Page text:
|Apollo 4, 6, and 8||Apollo 9 on|
|Thrust (sea level):||1,500,000 pounds-force (6.7 MN)||1,522,000 pounds-force (6.77 MN)|
|Burn time:||150 s||165 s|
|Specific impulse:||260 s (2.55 kN·s/kg)||263 s (2.58 kN·s/kg)|
|Chamber pressure:||70 bars (7.0 MPa)||70 bars (7.0 MPa)|
|Engine weight dry:||18,416 pounds (8,353 kg)||18,500 pounds (8,400 kg)|
|Engine weight burnout:||20,096 pounds (9,115 kg)||20,180 pounds (9,150 kg)|
|Height:||19 feet (5.8 m)|
|Diameter:||12.3 feet (3.7 m)|
|Exit to throat ratio:||16 to 1|
|Propellants:||LOX & RP-1|
|Mixture ratio:||2.27:1 oxidizer to fuel|
|Vehicle application:||Saturn V / S-IC 1st stage - 5-engines|
F-1 thrust and efficiency were improved between Apollo 8 (SA-503) and Apollo 17 (SA-512). This was necessary for Saturn V payload capacity to meet the increasing demands of the later Apollo missions. There were small performance variations between engines on a given mission, and variations in average thrust between missions. For Apollo 15, F-1 performance was:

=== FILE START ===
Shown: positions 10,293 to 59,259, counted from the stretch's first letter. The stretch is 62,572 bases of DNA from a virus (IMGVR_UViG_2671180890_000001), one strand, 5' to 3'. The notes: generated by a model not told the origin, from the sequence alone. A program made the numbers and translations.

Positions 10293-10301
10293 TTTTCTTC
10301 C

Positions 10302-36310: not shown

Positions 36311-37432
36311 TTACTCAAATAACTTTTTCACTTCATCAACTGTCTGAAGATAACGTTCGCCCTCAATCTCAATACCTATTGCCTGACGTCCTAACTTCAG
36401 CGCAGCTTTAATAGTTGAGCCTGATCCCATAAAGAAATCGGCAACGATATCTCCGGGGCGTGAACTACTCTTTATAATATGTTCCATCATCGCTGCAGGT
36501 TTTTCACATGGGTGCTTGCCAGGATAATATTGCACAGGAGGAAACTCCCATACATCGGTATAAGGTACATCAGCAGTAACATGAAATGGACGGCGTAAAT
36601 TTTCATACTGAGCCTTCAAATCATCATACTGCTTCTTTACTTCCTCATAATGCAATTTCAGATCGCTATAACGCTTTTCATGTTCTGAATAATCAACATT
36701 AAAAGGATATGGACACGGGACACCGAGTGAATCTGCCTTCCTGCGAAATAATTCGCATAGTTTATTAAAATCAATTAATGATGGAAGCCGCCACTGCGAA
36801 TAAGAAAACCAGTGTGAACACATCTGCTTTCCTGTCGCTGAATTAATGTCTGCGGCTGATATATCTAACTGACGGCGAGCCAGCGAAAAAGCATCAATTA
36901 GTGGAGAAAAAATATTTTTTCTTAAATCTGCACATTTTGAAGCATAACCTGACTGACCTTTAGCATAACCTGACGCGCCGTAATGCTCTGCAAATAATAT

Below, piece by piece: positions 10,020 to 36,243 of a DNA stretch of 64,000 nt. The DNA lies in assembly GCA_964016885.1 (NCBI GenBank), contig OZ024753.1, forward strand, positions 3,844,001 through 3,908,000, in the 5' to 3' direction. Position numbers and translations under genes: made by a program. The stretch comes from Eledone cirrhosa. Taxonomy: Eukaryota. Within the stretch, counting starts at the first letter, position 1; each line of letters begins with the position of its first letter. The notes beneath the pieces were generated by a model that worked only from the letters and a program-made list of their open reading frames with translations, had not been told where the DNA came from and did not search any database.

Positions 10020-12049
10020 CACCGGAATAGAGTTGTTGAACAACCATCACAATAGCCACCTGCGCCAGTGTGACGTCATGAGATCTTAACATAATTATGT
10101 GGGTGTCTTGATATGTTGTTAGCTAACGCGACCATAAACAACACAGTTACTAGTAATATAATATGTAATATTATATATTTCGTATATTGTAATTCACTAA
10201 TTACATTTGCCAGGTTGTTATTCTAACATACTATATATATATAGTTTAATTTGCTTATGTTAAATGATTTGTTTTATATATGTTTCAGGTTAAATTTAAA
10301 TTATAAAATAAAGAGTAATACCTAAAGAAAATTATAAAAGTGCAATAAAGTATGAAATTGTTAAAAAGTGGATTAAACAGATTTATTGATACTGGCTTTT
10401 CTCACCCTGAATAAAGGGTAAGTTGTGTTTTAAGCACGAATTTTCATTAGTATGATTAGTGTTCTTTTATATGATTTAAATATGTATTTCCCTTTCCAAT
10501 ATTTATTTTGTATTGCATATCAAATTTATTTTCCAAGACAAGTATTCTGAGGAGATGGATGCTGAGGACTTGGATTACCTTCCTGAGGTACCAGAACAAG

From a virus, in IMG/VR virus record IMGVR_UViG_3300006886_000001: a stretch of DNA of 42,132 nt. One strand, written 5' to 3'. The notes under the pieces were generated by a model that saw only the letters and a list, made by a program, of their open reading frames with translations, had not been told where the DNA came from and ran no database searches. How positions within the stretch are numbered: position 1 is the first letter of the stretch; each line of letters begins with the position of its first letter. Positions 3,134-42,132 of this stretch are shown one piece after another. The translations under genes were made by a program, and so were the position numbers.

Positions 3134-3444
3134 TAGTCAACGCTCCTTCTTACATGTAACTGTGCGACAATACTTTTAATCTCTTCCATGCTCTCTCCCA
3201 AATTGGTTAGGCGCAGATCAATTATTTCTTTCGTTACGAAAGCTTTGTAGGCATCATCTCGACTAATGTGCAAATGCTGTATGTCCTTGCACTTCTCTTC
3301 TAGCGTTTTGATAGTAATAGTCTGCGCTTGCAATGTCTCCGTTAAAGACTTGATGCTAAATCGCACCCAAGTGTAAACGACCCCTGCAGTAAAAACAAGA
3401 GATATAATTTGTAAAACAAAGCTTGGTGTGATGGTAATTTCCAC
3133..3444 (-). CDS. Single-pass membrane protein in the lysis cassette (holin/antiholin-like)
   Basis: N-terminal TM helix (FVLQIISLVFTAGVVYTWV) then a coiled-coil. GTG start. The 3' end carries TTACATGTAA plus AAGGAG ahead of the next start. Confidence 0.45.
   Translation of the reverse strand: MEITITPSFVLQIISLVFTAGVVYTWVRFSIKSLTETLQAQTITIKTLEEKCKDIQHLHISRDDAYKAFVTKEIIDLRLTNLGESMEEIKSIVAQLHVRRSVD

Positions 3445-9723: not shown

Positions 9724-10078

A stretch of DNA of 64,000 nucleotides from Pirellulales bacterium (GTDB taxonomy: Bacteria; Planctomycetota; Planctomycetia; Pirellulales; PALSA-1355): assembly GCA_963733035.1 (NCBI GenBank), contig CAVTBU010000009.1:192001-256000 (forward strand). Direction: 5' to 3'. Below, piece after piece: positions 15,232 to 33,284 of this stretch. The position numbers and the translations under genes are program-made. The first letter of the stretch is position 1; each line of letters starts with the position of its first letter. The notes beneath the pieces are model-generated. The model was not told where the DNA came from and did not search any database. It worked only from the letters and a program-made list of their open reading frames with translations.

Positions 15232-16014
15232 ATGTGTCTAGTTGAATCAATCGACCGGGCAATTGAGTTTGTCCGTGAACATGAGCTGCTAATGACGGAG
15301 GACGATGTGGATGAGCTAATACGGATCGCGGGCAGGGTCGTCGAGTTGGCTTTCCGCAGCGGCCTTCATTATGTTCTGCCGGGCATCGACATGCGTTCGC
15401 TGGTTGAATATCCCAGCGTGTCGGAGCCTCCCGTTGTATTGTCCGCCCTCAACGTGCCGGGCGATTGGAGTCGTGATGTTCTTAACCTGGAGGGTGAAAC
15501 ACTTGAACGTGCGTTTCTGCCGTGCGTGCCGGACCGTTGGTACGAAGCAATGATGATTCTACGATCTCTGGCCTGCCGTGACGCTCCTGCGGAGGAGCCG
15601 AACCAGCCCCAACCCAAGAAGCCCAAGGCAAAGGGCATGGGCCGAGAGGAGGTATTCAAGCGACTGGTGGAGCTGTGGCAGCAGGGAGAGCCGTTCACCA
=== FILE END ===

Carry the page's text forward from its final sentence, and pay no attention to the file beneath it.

- Thrust (average, per engine, sea level liftoff): 1,553,200 pounds-force (6.909 MN)
- Burn time: 159 s
- Specific impulse: 264.72 s
- Mixture ratio: 2.2674
- S-IC total sea level liftoff thrust: 7,766,000 pounds-force (34.54 MN)
Measuring and making comparisons of rocket engine thrust is more complicated than it first appears. Based on actual measurement the liftoff thrust of Apollo 15 was 7,823,000 lbf (34.80 MN), which equates to an average F-1 thrust of 1,565,000 lbf (6.96 MN) - significantly more than the specified value. For more information, see S-IC thrust comparisons
F-1A after Apollo